Upon being formally charged with a felony directly related to his or her employment, a City employee may be suspended with or without pay, or transferred to another position. Code § 17-33(f)
A City employee shall be dismissed immediately upon conviction of or plea of nolo contendre to a felony related to his or her employment. Code § 17-33(g)
PENALTIES AND ENFORCEMENT
A violation of the City’s Code of Ethics can have serious consequences, including loss of employment, civil fines, and incarceration.
The City’s and State’s codes of ethics both contain revolving door provisions — provisions that address moving from one position within the City to another. The following is a brief overview of both:
Municipal elected officials and school committee members may not seek or accept employment within any municipal agency of the municipality in which they serve, other than that held at the time of the election, while in office and for a period of one (1) year after leaving office. However, a municipal elected official or school committee member may seek election to any other elective office.
Elected and appointed officials may not accept appointment or election to positions that carry any financial benefit that requires approval by the body of which they are a member, while serving as a member of that body and for a period of one (1) year thereafter.
CONFLICTS OF INTEREST
You have a conflict of interest if it is reasonably foreseeable that a decision you are helping to make as part of your public duties:
- Will result in a financial benefit or detriment to:
- You, our family or household member, Your outside employer, or your business associate.*
OR, even if there is no financial impact, if a family member, household member, employer, or business associate is a party to, or is participating
in, the matter being discussed.
* A business associate is any person or entity with whom you are joined to achieve a common financial objective. Your business associates are not only your business
partners but also people you have hired as attorneys, accountants, realtors, contractors, etc. Your business associates are also any businesses or organizations,
even if not-for-profit, for which you are an officer or director.
Merely having a conflict of interest is not a violation of the Rhode Island Code of Ethics. It is what you do after you identify a conflict of interest that matters.
If you identify a conflict of interest, you must take the following steps:
- Recuse: meaning, do not participate in any aspect of the work or decision-making relating to the matter; and
- Complete a Statement of Conflict of Interest form, and
- Present the original to your supervisor, and
- Send a copy to the Rhode Island Ethics Commission; and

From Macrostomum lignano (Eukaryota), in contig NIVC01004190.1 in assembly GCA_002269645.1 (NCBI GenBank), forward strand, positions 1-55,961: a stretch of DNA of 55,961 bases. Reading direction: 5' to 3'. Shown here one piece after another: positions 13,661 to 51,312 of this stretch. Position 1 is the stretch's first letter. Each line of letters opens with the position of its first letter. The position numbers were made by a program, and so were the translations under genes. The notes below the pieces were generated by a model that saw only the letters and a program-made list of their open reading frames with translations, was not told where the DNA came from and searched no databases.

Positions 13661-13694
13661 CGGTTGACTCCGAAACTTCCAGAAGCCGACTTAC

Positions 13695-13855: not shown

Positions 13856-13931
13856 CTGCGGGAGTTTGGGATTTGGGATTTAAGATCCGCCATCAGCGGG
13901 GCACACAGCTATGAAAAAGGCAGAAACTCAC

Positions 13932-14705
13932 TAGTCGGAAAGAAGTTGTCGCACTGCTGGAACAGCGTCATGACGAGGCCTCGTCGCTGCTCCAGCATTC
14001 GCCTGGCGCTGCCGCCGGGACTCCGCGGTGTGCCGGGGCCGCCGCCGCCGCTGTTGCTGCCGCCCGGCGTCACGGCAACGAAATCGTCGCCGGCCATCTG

- Inform your supervisor: if it is necessary that another person handle the matter, you cannot reassign it yourself. Rather, you must inform your supervisor so that he or she can reassign it.
Avoid the appearance of impropriety.
Even if you do not believe that you have a conflict of interest, as defined by the State’s Code of Ethics, but you believe nonetheless that your participation in the matter would create an appearance of impropriety, you should still recuse and follow the procedures outlined above.
Perhaps the most common variation on the conflict of interest theme is the prohibition pertaining to gifts.
You may not accept from an interested person:
- A gift of cash, debt forbearance, or debt forgiveness in any amount; or
- A gift of goods or services having either a market value or actual cost greater than $25; or
- Multiple gifts in one calendar year having an aggregate market value or actual cost of greater than $75.
* An interested person is a person, business, or representative that has a direct financial interest in a decision that you participate in making. There are limited exceptions to these gift prohibitions. When in doubt, consult materials prepared by the Rhode Island Ethics Commission and/or seek additional advice.
Additional conduct covered by the Rhode Island Code of Ethics in Government:
- Nepotism and Favoritism
- Outside Employment
- Acting as Agent or Attorney
- Appearances before your own Agency
- Revolving Door
- Contracts with State or Local Government
- Transactions with Subordinates
The overview provided in this handbook is by no means meant to be exhaustive. Rather, it is intended to bring issues to your attention for your own independent and
further exploration. You are strongly encouraged to familiarize yourself with the resources available on the Rhode Island Ethics Commission website: www.ethics.ri.gov.
Consult with your Board’s or Commission’s counsel (if applicable).
Contact the City’s Municipal Integrity Officer for informal, confidential advice.
Submit a request in writing to the Providence Ethics Commission for a formal advisory opinion.
Contact the Rhode Island Ethics Commission for informal advice.
Submit a request in writing to the Rhode Island Ethics Commission for a formal advisory opinion.